moment. He heard himself yelling “No!” as he scrambled to his knees and
turned about.
Pieces of burning metal spread through the Coruscant sky like
fireworks, fanning high and wide from the wreckage. The remaining hulk of
the Royal Cruiser burned brightly, and seven figures lay on the ground
before it, one wearing the decorated raiments that Typho knew so very well.
Disoriented from the blast, the captain stumbled as he tried to rise. A
great lump welled in his throat, for he knew what had happened.
Typho was a veteran warrior, had seen battle, had seen people die
violently, and in looking at those bodies, in looking at Amidala’s beautiful
robes, at their placement about the very still form, he instinctively knew.
The woman’s wounds were surely mortal. She was fast dying, if not
already dead.

 "You reset the coordinates!" Obi-Wan Kenobi said to his young  Padawan.

Obi-Wan’s wheat-colored hair was longer now, hanging loosely about his
shoulders, and a beard, somewhat unkempt, adorned his still-young-looking
face. His light brown Jedi traveling clothes, loose fitting and comfortable,
seemed to settle on him well. For Obi-Wan had become comfortable, had grown
into the skin of Jedi Knight. No longer was he the intense and impulsive
Jedi Padawan learner under the training of Qui-Gon Jinn.
His companion at this time, however, appeared quite the opposite.
Anakin Skywalker looked as if his tall, thin frame simply could not contain
his overabundance of energy. He was dressed similarly to Obi-Wan, but his
clothing seemed tighter, crisper, and his muscles under it always seemed
taut with readiness. His sandy-blond hair was cropped short now, except for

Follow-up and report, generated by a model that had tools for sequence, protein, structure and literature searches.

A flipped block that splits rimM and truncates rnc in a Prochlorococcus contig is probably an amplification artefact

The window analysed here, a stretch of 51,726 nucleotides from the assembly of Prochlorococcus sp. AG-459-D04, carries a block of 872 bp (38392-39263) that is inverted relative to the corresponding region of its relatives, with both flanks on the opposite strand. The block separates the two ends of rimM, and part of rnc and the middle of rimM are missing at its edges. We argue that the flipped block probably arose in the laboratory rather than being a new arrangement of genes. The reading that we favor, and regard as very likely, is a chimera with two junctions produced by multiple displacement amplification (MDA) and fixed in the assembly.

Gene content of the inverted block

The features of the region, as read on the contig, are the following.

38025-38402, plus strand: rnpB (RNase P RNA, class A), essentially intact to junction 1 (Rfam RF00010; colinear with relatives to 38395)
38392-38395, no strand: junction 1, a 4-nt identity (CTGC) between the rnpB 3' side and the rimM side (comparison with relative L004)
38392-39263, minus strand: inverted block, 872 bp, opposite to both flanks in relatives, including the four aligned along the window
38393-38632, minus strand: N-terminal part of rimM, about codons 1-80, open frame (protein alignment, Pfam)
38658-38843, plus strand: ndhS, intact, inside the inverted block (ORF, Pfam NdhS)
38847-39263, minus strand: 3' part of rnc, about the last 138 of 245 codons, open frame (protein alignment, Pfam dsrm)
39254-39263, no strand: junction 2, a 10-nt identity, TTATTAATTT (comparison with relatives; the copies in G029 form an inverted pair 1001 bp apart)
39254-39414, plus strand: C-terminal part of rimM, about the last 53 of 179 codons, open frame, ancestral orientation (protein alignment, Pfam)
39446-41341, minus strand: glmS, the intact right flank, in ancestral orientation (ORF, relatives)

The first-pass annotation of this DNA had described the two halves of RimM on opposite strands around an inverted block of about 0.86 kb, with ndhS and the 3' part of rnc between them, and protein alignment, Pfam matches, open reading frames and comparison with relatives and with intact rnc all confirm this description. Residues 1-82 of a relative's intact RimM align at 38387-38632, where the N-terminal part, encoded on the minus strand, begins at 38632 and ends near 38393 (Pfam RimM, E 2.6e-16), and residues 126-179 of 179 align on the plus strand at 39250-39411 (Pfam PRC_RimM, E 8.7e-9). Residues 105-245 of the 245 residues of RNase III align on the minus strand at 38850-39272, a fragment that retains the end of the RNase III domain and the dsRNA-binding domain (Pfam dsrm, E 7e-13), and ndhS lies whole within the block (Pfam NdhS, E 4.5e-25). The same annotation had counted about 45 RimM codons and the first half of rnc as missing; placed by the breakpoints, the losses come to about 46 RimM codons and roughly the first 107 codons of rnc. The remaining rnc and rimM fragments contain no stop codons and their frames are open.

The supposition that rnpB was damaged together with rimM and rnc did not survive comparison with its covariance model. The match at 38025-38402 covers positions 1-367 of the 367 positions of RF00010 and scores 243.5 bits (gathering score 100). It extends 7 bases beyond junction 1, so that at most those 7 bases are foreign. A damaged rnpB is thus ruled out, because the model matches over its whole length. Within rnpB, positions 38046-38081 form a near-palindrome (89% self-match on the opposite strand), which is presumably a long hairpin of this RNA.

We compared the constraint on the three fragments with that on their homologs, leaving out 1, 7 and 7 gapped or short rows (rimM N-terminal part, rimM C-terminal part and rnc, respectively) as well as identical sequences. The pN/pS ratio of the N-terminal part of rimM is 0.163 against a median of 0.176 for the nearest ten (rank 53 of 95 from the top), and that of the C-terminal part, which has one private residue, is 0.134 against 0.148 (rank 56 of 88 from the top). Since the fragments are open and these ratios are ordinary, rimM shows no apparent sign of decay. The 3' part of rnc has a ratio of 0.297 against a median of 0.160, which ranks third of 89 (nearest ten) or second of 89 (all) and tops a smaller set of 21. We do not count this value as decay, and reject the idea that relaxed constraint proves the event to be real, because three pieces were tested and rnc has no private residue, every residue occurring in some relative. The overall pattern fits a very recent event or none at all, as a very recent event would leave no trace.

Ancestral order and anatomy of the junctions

the thin braid indicative of his status as a Jedi Padawan. His blue eyes
flashed repeatedly, as if bursts of energy were escaping.
“Just to lengthen our time in hyperspace a bit,” he explained. “We’ll
come out closer to the planet.”
Obi-Wan gave a great and resigned sigh and sat down at the console,
noting the coordinates Anakin had input. There was little the Jedi could do
about it now, of course, for a hyperspace leap couldn’t be reset once the
jump to lightspeed had already been made. “We cannot exit hyperspace too
close to Coruscant’s approach lanes. There’s too much congestion for a safe
flight. I’ve already explained this to you.”
“But-“
“Anakin,” Obi-Wan said pointedly, as if he were scolding a pet perootu
cat, and he tightened his wide jaw and stared hard at his Padawan.
“Yes, Master,” Anakin said, obediently looking down.
Obi-Wan held the glare for just a moment longer. “I know that you’re
anxious to get there,” he conceded. “We have been too long away from home.”
Anakin didn’t look up, but Obi-Wan could see the edges of his lips curl up
in a bit of a smile.
“Never do this again,” Obi-Wan warned, and he turned and walked out of
the shuttle’s bridge.
Anakin flopped down into the pilot’s chair, his chin falling into his
hand, his eyes set on the control panels. The order had been about as direct
as one could get, of course, and so Anakin silently told himself that he
would adhere to it. Still, as he considered their current destination, and
who awaited them there, he thought the scolding worth it, even if his
resetting of the coordinates had bought him only a few extra hours on
Coruscant. He was indeed anxious to get there, though not for the reason
Obi-Wan had stated. It wasn’t the Jedi Temple that beckoned to the Padawan,
but rather a rumor he had heard over the comm chatter that a certain
Senator, formerly the Queen of Naboo, was on her way to address the Senate.
Padm© Amidala.
The name resonated in young Anakin’s heart and soul. He hadn’t seen her
in a decade, not since he, along with Obi-Wan and Qui-Gon, had helped her in